–          We Begin At The End by Chris Whitaker (Bonnier Books UK, Zaffre)

–          The Man on the Street by Trevor Wood (Quercus, Quercus Fiction)

The public are now invited to vote for the winner via www.harrogatetheakstoncrimeaward.com and the winner will be announced on the opening night of Theakston Old Peculier Crime Writing Festival, Thursday 22 July, and will receive £3,000, and a handmade, engraved beer barrel provided by Theakston Old Peculier.

Executive director of T&R Theakston, Simon Theakston, said“This is it: the crème de la crème of crime. This shortlist really does showcase the breadth and depth of the genre. It’s going to be a fiercely fought prize this year so make sure you vote for your favourite. Until then, I look forward to raising a glass of Old Peculier at the winner’s announcement on 22 July!”

The award is run by Harrogate International Festivals sponsored by T&R Theakston Ltd, in partnership with WHSmith and the Express, and is open to full length crime novels published in paperback 1 May 2020 to 30 April 2021 by UK and Irish authors. The longlist was selected by an academy of crime writing authors, agents, editors, reviewers, members of the Theakston Old Peculier Crime Writing Festival Programming Committee, and representatives from T&R Theakston Ltd, the Express, and WHSmith.

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The Web They Wove by Catherine Yaffe – a review BLOG TOUR

The Web They Wove by Catherine Yaffee begins when the mutilated body of a young female is found at a park in Leeds. DI Ziggy Thornes and his team are called out to investigate. With little evidence found at the scene it seems like they are stuck at a dead end. When a second body turns up in the same place, Ziggy starts to feel the pressure as the inevitable comparisons with the Yorkshire Ripper start in the press. When he realises that the victims have been held captive for days before being murdered, he starts to realise that there is a seriously depraved person out there, and that the case is starting to turn personal.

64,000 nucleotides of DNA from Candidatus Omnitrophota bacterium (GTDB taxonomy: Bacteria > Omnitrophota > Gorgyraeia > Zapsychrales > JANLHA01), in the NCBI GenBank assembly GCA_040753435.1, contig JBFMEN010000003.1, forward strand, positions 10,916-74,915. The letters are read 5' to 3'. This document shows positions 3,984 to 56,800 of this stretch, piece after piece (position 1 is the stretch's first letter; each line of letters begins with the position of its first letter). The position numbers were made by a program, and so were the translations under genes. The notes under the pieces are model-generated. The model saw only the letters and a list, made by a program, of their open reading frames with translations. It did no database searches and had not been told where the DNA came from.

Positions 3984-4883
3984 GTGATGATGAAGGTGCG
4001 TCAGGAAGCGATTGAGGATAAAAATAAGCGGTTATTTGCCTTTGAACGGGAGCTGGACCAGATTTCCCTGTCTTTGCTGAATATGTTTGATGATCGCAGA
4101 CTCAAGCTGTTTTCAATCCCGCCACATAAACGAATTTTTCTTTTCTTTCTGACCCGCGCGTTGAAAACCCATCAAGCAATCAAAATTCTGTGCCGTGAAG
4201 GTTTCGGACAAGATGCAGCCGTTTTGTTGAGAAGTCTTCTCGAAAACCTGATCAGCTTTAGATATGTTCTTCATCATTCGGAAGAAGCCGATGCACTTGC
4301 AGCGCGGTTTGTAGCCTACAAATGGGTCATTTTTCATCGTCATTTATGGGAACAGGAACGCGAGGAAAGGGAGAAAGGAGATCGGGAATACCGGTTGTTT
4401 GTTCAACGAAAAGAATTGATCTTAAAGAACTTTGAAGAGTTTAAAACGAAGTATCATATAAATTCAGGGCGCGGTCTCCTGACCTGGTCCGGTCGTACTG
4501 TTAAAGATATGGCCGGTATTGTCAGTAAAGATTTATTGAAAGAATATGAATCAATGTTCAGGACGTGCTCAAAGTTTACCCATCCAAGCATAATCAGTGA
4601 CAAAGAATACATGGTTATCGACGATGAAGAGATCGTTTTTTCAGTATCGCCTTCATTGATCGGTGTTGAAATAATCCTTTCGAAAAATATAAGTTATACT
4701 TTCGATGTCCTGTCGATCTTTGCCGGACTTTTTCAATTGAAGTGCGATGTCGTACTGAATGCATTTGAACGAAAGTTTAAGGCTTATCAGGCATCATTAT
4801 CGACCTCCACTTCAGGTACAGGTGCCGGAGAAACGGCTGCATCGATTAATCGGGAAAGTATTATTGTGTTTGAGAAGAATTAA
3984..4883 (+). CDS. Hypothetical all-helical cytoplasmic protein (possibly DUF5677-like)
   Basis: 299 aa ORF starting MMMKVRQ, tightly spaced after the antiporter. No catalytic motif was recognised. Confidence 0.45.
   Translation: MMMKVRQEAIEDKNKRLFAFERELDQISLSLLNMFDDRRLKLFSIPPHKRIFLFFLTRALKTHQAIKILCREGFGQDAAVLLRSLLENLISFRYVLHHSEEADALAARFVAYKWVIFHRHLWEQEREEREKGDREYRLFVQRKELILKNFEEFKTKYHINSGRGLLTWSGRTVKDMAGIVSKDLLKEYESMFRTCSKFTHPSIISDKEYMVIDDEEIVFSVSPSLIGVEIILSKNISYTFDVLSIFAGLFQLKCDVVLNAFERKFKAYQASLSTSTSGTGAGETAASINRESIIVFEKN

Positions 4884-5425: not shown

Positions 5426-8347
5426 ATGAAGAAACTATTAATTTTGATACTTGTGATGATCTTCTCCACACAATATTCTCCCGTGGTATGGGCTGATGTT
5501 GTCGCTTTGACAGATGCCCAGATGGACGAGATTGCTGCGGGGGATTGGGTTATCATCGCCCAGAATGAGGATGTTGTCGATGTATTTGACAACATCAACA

Although this is the second novel by Catherine Yaffe it is the first I have read. However this can absolutely be read as a standalone. The back ground of Ziggy is revealed gradually through the story, including why he’s called Ziggy, and so I didn’t get the feeling I was missing anything. Although he was the typical divorced detective he also had a vulnerability about him that I liked and made him seem more rounded. His interaction with his team members was natural and he genuinely seemed to care about his team.

I am a big fan of novels that give the perspective from the serial killer and this is no exception. I thought the chapter’s from the killers voice gave an interesting extra dimension to the story, that I found fascinating. They were interspered thoughout and gave a change from the hectic pace of the police procedures.

The story was full of twists and turns that really drew me in from the beginning with some well written prose. Every time I thought I had a handle on where the case was going I would be thrown off direction once again. I very much enjoyed The Web they Wove and will definitely be looking to catch up with Ziggy on his next case.

To find out what others thought of Catherine Yaffe’s novel visit the other stops on the tour:

UK – https://www.amazon.co.uk/Web-They-Wove-Tangled-Book-ebook/dp/B0937K58PF/